Under the Constitution of the Republic of South Africa the right to equality includes the full enjoyment of all rights and freedoms for all, thus providing not only for formal but also for substantive equality. The preference for substantive equality should be viewed against the backdrop of the fact that South African society is one of the most unequal societies in the world, a situation that is in part a consequence of the racially discriminatory policies of the erstwhile white minority government. The constitutional commitment seeks to address this state of affairs through suitable remedial and restitutory measures. The eventual goal is the achievement of substantive equality.
Arguably the most important legislative measures of this kind is the Employment Equity Act, 55 of 1998. The Act is intended to further the right to substantive equality in the South African workforce. This Act provides for affirmative action measures aimed at the achievement of substantive equality in the field of employment. The central criterion on the basis of which the Act is designed in order to measure the achievement of (substantive) equality is that of representation (representivity). By virtue of the criterion the work force in both the public and private sectors is required to reflect the national population profile in terms of race, gender and disability.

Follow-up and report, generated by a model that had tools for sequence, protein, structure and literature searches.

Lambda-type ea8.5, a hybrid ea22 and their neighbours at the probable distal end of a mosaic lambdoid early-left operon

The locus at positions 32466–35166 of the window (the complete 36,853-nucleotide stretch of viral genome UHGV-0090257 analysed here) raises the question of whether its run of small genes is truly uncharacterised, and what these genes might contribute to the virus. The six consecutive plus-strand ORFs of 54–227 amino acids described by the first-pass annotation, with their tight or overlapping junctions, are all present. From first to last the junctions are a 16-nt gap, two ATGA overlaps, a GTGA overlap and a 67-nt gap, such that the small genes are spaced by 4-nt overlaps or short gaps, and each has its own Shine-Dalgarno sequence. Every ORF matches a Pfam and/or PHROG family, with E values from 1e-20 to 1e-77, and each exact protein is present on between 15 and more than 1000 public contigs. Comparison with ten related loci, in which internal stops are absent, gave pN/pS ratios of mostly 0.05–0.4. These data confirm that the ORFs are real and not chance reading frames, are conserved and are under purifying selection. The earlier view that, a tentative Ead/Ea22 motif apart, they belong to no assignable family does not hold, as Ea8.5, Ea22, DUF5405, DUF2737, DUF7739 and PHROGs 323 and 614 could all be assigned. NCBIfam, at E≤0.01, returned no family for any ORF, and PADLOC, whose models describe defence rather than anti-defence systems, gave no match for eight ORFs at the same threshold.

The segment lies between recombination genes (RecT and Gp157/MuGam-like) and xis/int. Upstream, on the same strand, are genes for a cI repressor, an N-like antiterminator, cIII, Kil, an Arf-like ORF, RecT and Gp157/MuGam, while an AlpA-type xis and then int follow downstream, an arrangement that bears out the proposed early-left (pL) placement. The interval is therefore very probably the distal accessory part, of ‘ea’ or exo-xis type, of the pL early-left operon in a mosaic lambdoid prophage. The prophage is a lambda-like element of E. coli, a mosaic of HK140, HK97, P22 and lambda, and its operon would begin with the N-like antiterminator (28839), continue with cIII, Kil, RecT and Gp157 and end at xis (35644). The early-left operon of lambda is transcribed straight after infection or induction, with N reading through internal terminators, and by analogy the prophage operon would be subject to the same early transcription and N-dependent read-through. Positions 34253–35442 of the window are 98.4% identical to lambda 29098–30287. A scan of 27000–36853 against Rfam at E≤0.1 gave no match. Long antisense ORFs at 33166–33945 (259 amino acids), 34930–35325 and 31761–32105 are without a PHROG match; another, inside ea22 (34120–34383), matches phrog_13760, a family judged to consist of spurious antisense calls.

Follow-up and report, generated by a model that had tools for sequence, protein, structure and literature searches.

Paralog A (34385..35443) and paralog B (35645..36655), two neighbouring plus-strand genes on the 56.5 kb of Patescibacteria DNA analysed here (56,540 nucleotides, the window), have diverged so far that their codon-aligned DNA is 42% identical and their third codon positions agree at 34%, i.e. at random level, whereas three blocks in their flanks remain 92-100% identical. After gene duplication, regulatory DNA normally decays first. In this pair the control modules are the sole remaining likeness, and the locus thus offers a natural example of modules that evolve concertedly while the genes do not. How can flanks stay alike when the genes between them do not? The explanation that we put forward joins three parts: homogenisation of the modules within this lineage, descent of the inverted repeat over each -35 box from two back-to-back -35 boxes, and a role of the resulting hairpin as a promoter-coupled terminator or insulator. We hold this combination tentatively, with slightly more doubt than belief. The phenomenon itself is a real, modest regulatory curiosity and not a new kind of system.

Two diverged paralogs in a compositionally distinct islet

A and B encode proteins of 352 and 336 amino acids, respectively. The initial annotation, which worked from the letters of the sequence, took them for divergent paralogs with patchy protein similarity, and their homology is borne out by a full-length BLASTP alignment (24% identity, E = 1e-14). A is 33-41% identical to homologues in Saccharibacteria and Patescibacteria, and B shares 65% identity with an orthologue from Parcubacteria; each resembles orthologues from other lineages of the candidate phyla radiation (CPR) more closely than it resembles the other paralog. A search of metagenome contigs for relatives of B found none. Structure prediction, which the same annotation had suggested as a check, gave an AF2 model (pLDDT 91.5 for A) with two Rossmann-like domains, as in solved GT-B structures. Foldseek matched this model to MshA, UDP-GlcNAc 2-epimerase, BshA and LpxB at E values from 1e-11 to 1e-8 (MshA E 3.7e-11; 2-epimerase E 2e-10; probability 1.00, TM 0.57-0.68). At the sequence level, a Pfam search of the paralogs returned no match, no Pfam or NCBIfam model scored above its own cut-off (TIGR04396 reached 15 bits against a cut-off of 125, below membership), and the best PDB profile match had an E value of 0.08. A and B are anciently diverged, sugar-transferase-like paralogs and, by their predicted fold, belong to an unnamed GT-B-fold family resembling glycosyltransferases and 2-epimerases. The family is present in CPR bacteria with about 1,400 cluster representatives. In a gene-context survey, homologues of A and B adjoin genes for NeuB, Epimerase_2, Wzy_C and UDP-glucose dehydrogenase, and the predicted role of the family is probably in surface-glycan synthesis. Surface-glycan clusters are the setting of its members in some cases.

The present mini-dissertation is an inquiry into the suitability or otherwise of the principle of demographic representation as a legitimate criterion for substantive equality. The investigation begins with an enunciation of the concept of substantive equality. This is followed by an analysis of the origin, content and consequences of the criterion of representivity. This analysis is conducted, with reference to selected jurisprudence. The focus of this part of the investigation is enunciate the way in which the courts have defined the relationship between substantive equality and representivity and how it also equated these two concepts. This is followed in the last chapter by a critical analysis that shows that this equation is in fact ill-conceived since representivity more often than not is incongruent with the notion of substantive equality.
Mini Dissertation (LLM)--University of Pretoria, 2017.